Saturday, September 8, 2012
The Wolf Is At The Door
Henry the Eighth, his many unfortunate wives and his flame-haired daughter are never far from the period drama consciousness although there has not been much from the Tudors of late. Just as 2009's very fine Emma with Romola Garai exhausted the Jane Austen adaptation route for a while, a spate of Tudor-themed TV dramas and movies that reached their peak five years ago meant that we were all a bit Tudored out after a fashion. Cate Blanchett returned to the role that made her name with Elizabeth: The Golden Age although frankly she either shouldn't have bothered or else should have waited around for a better script. Also Helen Mirren gave her Liz One to great acclaim for Channel Four shortly before famously winning every award she was eligible for as Liz Two.
Meanwhile, The Virgin Queen with Anne-Marie Duff starring as Elizabeth between the ages of seventeen and seventy and getting jiggy with a before-he-was-famous Tom Hardy as Robert Dudley was admirably ambitious and the soundtrack featuring The Mediaeval Babes was brilliant but the effect of seeing her Majesty age from episode to episode was hampered by hopelessly unconvincing prosthetics and Duff's own stubbornly youthful face. Also, the perennially gruff Ray Winstone beheaded Helena Bonham Carter and Emily Blunt for ITV and Jonathan Rhys Meyers tried his best in the same role over four years for Showtime in America although better English accents have oft been heard in primary school productions of Oliver! And the least said about The Other Boleyn Girl with Natalie Portman and Scarlett Johansson, the soonest mended.
The story needs a different perspective before a return to our screens for Henry and company can be greeted with any sort of enthusiam. Well, BBC Two head honcho Janice Hadlow recently announced at the annual television festival in Edinburgh that Hilary Mantel's much-loved, Booker Prize-winning doorstep of a novel Wolf Hall is to be adapted in six parts and broadcast on the channel next year. Wolf Hall catapulted Mantel to household name status after more than thirty years as a novelist with her painstakingly-researched chronicling of the eventful reign of Henry the Eighth through the eyes of his chief adviser, poltical manipulator and all-round fixer Thomas Cromwell, a lesser-known figure from the Tudor court who dominated Henry's life after both Cardinal Wolsley and Thomas More fell from grace.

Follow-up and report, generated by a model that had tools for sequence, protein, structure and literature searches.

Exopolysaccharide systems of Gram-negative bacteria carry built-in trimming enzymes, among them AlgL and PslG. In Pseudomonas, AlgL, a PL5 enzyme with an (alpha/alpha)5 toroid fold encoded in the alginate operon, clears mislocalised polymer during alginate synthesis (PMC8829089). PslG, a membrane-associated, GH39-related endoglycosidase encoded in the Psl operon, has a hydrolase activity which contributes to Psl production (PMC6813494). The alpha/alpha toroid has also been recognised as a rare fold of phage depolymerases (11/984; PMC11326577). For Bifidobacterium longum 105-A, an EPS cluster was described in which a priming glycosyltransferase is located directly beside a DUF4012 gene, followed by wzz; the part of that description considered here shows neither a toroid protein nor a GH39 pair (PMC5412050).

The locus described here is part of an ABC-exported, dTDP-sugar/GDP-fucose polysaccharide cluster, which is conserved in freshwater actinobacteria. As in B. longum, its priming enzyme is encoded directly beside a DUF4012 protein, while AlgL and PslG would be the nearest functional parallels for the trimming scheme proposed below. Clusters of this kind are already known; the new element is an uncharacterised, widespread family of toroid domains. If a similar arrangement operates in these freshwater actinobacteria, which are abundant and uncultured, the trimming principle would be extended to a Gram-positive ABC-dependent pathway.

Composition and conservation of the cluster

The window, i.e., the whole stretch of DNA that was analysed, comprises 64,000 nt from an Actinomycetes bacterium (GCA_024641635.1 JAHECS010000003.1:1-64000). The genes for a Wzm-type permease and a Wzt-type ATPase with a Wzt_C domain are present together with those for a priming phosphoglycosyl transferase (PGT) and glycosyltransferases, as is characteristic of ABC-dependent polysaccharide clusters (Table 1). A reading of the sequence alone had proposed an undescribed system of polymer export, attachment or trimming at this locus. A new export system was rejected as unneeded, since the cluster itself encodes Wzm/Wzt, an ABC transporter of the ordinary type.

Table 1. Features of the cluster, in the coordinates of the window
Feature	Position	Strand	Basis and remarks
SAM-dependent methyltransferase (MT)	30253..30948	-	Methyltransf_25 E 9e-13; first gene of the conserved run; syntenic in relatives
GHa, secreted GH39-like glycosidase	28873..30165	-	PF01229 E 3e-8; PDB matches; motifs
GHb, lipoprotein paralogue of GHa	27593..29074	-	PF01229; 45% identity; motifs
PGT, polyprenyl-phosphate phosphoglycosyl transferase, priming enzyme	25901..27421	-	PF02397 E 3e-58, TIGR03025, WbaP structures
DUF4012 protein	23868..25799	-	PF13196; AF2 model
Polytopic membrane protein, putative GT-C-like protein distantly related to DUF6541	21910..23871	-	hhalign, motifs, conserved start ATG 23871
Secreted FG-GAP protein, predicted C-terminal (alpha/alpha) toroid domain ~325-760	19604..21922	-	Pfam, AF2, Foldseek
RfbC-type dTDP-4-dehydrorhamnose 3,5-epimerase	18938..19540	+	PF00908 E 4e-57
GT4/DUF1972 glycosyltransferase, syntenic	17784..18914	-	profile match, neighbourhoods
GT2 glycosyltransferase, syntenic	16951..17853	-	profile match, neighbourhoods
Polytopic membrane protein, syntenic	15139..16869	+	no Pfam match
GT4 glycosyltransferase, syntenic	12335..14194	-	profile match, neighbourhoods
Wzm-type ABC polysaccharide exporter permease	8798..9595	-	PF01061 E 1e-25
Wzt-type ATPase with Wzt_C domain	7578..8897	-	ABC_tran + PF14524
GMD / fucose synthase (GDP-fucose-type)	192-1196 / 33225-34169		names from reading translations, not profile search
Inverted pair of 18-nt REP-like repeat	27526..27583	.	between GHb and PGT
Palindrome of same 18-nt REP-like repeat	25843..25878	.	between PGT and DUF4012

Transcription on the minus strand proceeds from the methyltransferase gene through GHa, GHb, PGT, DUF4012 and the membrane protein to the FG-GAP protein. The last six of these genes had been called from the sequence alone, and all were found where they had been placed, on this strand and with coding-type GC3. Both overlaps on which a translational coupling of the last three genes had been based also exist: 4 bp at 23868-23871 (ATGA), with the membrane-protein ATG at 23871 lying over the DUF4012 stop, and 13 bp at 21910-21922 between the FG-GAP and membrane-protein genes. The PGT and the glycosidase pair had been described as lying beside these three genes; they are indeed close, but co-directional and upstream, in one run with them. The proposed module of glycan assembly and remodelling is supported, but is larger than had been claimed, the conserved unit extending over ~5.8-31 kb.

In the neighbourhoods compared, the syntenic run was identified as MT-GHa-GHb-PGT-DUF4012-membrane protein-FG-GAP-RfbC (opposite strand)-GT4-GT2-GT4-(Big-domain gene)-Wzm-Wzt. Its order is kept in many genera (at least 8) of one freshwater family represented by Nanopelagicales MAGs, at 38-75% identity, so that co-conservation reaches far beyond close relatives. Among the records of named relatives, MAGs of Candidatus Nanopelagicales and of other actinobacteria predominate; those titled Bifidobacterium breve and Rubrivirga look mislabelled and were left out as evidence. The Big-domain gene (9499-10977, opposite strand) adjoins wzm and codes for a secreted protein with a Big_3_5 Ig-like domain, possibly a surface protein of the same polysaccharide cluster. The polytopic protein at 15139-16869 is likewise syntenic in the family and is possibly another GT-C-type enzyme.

The much-anticipated sequel Bring Up the Bodies arrived in bookshops before the summer and continued where Wolf Hall left off with particular focus on the bloody downfall of Anne Boleyn and its impact on Cromwell's career. Cromwell's own spectacular fall from grace will be featured in a third and concluding novel and all three parts of the trilogy could find themselves on screen if Wolf Hall proves a hit. A six-part period piece is a huge commitment in these straightened times although viewers do love all things Tudor. Halfway through Parade's End on BBC Two, I'm wishing Tom Stoppard had been given more screen time to let Ford Madox Ford's story and characters develop at a less breathless pace. The telly version of Wolf Hall is being written by Peter Straughan, pictured above, who won a BAFTA earlier this year for his sterling work adapting Tinker, Tailor, Soldier, Spy with his late wife Bridget O Connor who, according to Straughan's heartfelt acceptance speech, "wrote all the good bits."